My daughter died in 2015 at the age of 26. As I grieved her loss, I turned to the Bible, which is steeped as much in sorrow as it is in joy. There I found people who also knew loss: Abraham, Joseph, Job, Isaiah and Jeremiah, to name a few. By reading their stories, I learned that we are not alone in our grief — tears are part of a life of faith.
Yet within a month of my daughter’s death, family members and well-meaning people from work and church encouraged me to cheer up. “She’d want you to be happy,” they said. This may be true, but the phrase is laden with subtle recrimination. If we are not happy, it is implied, we fail to honour our dead. They will be disappointed.
This is nonsense, of course. I suspect that my daughter would prefer that I be true to myself and mourn at my own pace. But it can be hard to permit ourselves the time and space needed to grieve, especially when our faith communities don’t encourage this.
Sadly, some congregations continue to praise as an act of faith the cheerful acceptance of a loss. One study of 184 grieving families found that many believers stopped going to church because they felt ostracized for not celebrating a death or for failing to recover after a desirable period. Others feared that to grieve openly would set a poor example.
The idea seems to be that belief in the Gospel should make Christians immune to grief. Jesus has overcome death, and so if our faith is strong, goes the thinking, we will not weep. Rather, we will be happy that our deceased loved ones are now with God.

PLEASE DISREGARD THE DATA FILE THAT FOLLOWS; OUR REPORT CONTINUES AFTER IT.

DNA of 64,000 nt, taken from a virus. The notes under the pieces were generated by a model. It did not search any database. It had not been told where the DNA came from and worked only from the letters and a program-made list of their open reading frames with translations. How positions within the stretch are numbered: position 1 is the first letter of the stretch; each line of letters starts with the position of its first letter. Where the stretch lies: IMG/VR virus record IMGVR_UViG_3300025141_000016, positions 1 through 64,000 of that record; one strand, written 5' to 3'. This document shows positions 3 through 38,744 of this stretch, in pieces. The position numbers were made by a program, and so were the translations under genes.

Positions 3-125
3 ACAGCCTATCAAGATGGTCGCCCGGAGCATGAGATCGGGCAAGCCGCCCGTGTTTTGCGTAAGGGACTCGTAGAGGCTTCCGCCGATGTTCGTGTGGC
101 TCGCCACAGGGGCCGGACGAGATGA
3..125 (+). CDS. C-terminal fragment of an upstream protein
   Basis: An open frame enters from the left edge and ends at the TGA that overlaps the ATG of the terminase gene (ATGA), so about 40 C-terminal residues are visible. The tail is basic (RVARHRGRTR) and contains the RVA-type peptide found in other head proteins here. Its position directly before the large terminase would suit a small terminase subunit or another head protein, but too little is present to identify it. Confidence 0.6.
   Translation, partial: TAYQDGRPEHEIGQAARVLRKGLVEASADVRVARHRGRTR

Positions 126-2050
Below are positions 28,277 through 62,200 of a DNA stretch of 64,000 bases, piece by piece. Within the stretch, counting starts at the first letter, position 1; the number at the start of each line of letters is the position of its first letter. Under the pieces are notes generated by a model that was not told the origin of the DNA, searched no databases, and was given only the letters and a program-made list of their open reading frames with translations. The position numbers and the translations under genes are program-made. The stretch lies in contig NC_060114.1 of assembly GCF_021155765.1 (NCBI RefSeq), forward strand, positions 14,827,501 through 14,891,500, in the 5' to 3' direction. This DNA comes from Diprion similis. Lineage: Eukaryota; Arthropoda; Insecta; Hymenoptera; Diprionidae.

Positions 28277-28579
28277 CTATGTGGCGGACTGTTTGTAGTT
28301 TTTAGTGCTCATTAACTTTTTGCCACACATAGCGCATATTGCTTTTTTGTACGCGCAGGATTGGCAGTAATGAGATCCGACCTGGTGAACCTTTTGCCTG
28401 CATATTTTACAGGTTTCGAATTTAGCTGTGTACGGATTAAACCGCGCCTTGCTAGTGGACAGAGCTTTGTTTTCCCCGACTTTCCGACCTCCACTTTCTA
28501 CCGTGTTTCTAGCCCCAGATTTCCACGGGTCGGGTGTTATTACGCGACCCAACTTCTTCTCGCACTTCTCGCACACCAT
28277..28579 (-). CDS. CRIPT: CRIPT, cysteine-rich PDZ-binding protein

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Paul’s comforting words to believers in Thessalonica are often quoted to further this misapprehension: “Do not grieve like the rest of mankind, who have no hope,” he wrote. But Paul was not prohibiting sorrow. He was merely urging his readers not to sorrow without hope. Grief and hope are not mutually exclusive; they may, in fact, be complementary. After his daughter died in his arms, Martin Luther wrote, “It is a marvellous thing to know that she is certainly in peace and that all is well with her and yet to be so sad!”
Grief is the natural and appropriate response to loss. If a faith community discourages mourning, it may push congregants toward anxiety, depression and emotional detachment. There is a time to weep, the teacher of Ecclesiastes instructs.
In addition to encouraging hope along with grief, Paul also urged his readers to mourn with those who mourn. This provides a clue to one role faith communities may play in times of loss.
My neighbour stopped by within a week of my daughter’s death. He too had lost a child. Ours was an understanding that needed few words. In silently sharing sorrow, we commune with those who grieve, entrusting our tears to a God who weeps with us. This is faith in spirit and deed.
This column first appeared in Broadview‘s May 2020 issue with the title “A time to weep.”
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